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Conditions: Peyronies Disease

Peyronie’s Disease and Erectile Dysfunction

Peyronie’s Disease and Erectile DysfunctionPeyronie’s disease (PD), a condition marked by plaques that form just below the skin of the penis, can affect men in different ways. The most notable symptom is curvature of the penis, but men may also have pain or penile shortening. Psychological and emotional issues are also common, especially if the man is unable to have intercourse.

Erectile dysfunction (ED) is another common problem for men with PD. Studies have shown that between 22% to 54% of men with PD also have problems getting an erection firm enough for sex. (The wide range is due to the variety of ED definitions and criteria used by researchers.)

Unfortunately, scientists aren’t sure why so many men with PD also have ED. It’s also difficult to assess given the many factors that affect erectile function, such as aging and comorbid conditions like diabetes and heart disease.


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Conditions: Peyronies Disease

Traction Therapy for Peyronie’s Disease

Do you work with men who have Peyronie’s disease? If so, they might be considering non-surgical treatment options. One is traction therapy and a recent Journal of Sexual Medicine study has shown some encouraging results.

Peyronie’s Disease – Some Basics

First, however, let’s go over some basics about Peyronie’s disease. It’s thought to stem from a penile injury that does not heal properly. Such an injury could happen during sports or vigorous intercourse, but sometimes, a man doesn’t even know that he has injured his penis.

For men with Peyronie’s disease, areas of hardened scar tissue called plaques form below the skin’s surface. These plaques cause the penis to lose some of its flexibility and bend.

Peyronie’s disease occurs in two stages. In the acute phase (the first 6 to 18 months), the plaques form and the penis curves. Many men experience pain, erectile dysfunction (ED), and penile shortening. Intercourse may become difficult.

In the chronic stage, the disease becomes more stable. Usually, the curve doesn’t worsen, but men still can still have problems with ED and intercourse.

Significant emotional distress can also occur during each stage.

Treatment for Peyronie’s disease depends on its severity. For some men, the situation resolves on its own or the curve is not bothersome. For others, the curve is so severe that they cannot have intercourse at all. These men may consider surgical treatment once the disease reaches the chronic stage.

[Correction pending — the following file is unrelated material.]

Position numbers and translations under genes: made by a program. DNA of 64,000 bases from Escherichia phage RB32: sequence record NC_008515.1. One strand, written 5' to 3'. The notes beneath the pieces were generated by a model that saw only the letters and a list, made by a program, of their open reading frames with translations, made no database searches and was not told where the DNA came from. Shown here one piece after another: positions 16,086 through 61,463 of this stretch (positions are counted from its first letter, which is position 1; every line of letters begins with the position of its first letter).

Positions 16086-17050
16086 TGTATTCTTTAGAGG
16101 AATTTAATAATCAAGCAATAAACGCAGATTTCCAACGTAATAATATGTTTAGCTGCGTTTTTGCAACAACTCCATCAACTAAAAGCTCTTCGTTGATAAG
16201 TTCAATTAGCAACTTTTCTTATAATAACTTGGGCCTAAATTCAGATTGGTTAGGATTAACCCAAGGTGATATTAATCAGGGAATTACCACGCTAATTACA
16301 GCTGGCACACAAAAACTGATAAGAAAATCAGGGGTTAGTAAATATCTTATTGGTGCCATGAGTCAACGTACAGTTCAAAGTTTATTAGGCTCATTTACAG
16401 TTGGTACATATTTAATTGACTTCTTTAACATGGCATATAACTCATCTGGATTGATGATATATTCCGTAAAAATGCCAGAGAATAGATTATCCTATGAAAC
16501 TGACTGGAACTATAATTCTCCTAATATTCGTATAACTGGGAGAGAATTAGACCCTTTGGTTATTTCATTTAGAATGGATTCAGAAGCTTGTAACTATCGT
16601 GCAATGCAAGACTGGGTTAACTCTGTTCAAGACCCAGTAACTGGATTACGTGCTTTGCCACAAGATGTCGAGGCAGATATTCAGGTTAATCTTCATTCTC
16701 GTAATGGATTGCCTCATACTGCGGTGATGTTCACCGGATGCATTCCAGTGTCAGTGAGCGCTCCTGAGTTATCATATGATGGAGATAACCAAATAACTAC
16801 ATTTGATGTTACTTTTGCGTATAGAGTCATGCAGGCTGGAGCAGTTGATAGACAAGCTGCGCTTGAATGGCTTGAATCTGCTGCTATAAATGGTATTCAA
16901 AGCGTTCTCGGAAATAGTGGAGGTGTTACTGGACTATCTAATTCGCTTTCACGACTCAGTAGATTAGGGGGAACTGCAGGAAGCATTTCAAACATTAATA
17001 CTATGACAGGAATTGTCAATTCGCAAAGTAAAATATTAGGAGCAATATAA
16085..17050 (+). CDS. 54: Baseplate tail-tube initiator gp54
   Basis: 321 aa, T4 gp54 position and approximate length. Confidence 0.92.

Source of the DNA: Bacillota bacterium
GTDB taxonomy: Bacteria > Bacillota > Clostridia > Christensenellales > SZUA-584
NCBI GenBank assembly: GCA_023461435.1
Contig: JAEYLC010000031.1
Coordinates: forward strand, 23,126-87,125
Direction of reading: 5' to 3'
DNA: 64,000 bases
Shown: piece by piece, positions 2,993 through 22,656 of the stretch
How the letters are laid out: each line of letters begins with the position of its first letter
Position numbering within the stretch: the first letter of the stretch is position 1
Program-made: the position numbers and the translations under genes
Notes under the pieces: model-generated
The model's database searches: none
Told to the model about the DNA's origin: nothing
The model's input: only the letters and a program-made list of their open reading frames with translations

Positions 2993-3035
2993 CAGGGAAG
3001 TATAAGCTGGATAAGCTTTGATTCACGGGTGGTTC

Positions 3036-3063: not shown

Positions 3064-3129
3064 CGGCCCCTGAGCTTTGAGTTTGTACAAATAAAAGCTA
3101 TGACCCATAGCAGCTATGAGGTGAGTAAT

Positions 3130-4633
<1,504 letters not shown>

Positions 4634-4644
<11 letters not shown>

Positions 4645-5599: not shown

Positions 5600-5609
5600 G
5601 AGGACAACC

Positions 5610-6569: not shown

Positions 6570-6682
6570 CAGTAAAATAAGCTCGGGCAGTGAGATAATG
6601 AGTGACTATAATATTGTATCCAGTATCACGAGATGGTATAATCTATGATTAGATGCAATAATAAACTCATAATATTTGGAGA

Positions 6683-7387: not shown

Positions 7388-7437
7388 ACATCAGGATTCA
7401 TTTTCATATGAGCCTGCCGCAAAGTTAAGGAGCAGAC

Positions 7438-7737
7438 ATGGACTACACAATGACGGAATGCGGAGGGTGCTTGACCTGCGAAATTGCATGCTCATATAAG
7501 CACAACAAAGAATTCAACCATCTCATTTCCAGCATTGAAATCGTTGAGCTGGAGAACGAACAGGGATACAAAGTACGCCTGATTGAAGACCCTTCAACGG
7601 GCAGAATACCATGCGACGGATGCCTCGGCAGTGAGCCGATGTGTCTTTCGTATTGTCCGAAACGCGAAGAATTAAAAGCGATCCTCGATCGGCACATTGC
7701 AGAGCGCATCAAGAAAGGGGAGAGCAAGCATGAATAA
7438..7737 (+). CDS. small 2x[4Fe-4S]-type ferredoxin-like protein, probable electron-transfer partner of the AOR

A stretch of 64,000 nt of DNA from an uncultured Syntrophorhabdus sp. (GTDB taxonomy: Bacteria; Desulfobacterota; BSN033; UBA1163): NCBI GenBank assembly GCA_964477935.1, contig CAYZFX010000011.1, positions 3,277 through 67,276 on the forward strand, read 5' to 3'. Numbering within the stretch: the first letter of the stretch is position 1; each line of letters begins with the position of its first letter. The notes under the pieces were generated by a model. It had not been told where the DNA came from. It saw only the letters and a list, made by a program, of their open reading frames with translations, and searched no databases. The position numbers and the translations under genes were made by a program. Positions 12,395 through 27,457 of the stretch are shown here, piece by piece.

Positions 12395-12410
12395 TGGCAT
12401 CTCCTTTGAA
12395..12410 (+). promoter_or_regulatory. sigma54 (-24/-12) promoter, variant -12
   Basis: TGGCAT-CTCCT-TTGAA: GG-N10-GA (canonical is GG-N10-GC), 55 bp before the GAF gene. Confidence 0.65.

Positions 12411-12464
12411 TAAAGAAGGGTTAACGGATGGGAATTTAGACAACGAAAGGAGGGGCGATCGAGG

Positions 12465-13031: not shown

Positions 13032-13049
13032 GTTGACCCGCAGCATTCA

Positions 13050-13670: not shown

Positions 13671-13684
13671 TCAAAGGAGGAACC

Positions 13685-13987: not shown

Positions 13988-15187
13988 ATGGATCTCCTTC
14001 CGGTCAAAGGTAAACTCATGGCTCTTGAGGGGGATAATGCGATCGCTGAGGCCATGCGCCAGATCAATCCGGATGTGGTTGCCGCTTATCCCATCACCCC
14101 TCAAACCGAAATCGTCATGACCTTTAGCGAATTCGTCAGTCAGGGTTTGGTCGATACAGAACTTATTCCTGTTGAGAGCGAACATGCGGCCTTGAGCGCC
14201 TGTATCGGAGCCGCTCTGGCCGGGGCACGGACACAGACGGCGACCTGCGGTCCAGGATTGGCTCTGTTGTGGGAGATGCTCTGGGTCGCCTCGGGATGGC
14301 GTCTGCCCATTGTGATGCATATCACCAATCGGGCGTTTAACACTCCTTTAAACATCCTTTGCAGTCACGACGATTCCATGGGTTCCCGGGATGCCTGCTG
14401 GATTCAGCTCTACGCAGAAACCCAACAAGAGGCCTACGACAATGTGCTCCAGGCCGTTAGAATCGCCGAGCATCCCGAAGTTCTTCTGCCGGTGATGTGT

What is Traction Therapy?

Men who undergo traction therapy for Peyronie’s disease wear a medical device specifically designed to gently pull the penis in the opposite direction of the curve.

A recent study by Spanish researchers found that this technique had good results for men in the acute stage of Peyronie’s disease.

Fifty-five patients (mean age 50) underwent traction therapy using the Andropeyronie device, a commonly used brand. A control group of 41 patients (mean age 48) had no intervention. All of the men had acute-state Peyronie’s disease.

The men receiving traction therapy were instructed to wear the device for at least six hours a day, but no longer than nine hours. Patients were also told to remove the device for at least 30 minutes every two hours to avoid glans ischemia. This group also had penile sonography to evaluate the status of their plaques.

After six months of treatment, the men in the traction therapy group saw a number of improvements:

·         Mean penile curvature at erection was reduced from 33 degrees at baseline to 15 degrees.

·         Mean penile length increased from 12.4 centimeters at baseline to 13.7 centimeters.

·         The men reported less pain and improved erectile function and hardness.

·         More men were able to penetrate a partner.

·         Sonographic plaques disappeared in 48% of the patients.

·         The need for surgery was reduced in 40% of the patients. Among the men who did need surgery, about one third were able to have simpler procedures.

·         These results were maintained at a 9-month follow-up point.

In contrast, the men who received no intervention did not fare so well:

·         After six months, their mean degree of curvature increased from 29 degrees at baseline to 51 degrees after six months.

·         Mean penile length decreased from 14.5 centimeters at baseline to 12.1 centimeters.

·         They reported more pain and poorer erectile function and hardness.

·         Fewer men were able to penetrate a partner.